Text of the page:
How To Make Your Spoken English Sound Natural

You don't need to be Sherlock Holmes to work out ( find out answer or solution) that we use different words in spoken English compared to written English. I really look forward to (anticipate with pleasure) teaching lessons where we look into (find out about something) phrasal verbs. I always look for (seek) ways to help my students sound as natural as possible. Phrasal verbs are an excellent way to do that! Here's how you form phrasal verbs:  VERB + PARTICIPLE (preposition or adverb).

Let's look at a conversation I had last week with a student:

Me: Alessandro, when did you study English before?

Alessandro: Well, I attended a course in 2010.

Me: Do you like studying English?

Alessandro: I really do. I am very interested in English.

Me: Do you study a lot?

Alessandro: Yes, I spend many hours studying.

Alessandro answered my questions really well and used good words. However, he could sound more natural by using these phrasal verbs:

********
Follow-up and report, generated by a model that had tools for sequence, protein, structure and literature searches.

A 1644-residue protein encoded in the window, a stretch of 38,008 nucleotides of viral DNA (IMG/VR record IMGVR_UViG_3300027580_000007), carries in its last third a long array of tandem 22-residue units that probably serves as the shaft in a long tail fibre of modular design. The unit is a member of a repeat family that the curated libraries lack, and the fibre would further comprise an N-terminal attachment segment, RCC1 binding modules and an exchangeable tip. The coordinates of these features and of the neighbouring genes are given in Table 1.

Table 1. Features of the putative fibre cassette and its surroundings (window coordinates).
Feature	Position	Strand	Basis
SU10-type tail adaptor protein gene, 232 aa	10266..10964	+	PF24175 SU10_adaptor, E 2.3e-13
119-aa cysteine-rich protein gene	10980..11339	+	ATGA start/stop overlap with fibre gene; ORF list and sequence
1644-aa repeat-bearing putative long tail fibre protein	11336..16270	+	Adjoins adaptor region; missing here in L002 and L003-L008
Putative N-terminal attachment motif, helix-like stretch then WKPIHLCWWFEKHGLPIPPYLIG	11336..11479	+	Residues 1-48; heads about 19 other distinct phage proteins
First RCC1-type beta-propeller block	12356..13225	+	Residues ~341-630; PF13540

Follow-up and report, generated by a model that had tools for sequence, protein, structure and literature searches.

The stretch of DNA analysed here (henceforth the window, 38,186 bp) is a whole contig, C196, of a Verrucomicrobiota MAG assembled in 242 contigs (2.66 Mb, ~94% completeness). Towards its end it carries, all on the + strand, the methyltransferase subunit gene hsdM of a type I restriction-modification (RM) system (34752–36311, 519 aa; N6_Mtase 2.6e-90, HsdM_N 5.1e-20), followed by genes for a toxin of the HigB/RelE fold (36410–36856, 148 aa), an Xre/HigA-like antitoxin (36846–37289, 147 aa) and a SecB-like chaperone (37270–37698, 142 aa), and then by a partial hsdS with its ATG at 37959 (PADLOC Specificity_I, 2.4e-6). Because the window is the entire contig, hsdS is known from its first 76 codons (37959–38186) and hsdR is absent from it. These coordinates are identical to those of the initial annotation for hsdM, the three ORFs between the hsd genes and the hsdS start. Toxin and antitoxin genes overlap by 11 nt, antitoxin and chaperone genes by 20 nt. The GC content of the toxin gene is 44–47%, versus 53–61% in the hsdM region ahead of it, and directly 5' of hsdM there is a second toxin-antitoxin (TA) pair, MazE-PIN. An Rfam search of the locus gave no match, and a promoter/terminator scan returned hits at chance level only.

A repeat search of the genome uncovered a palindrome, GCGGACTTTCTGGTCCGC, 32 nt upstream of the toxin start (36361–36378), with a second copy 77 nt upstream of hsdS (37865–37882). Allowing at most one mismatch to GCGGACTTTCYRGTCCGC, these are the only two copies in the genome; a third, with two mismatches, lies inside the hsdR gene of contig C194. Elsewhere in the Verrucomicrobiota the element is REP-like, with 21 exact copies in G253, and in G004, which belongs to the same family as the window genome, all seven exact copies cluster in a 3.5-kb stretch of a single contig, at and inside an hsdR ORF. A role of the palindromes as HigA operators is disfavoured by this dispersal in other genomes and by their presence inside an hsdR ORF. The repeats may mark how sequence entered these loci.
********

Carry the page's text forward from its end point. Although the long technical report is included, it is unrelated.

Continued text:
·         to go on a course (to attend)

·         to be into studying English (to enjoy doing something in an active way)

·         to put in lots of time (spend a lot time doing or making something)

There are thousands of phrasal verbs in English and unfortunately there are no rules to tell you how to form them correctly. The best way to learn them (like any vocabulary) is in context. Remember phrasal verbs are good for making your spoken English sound natural. They are not so good for formal writing. If you are an intermediate student, or above, try and get into (start enjoying something or to become enthusiastic about it) and don’t put off (to postpone) learning phrasal verbs!

Here is a summary of all the phrasal verbs from this page. Remember they are both British and American English friendly!

work out- find out answer or solution

look forward to-anticipate with pleasure

look into-find out about something

look for-seek

go on-attend/take part in a course/training

be into-enjoy doing something

get into-start enjoying something

put in-spend time doing or making something

put off-postpone

Please leave any questions or comments below. Book a FREE TRIAL class with me to practice your phrasal verbs or find out about how I can help you improve your English. You can learn more phrasal verbs here.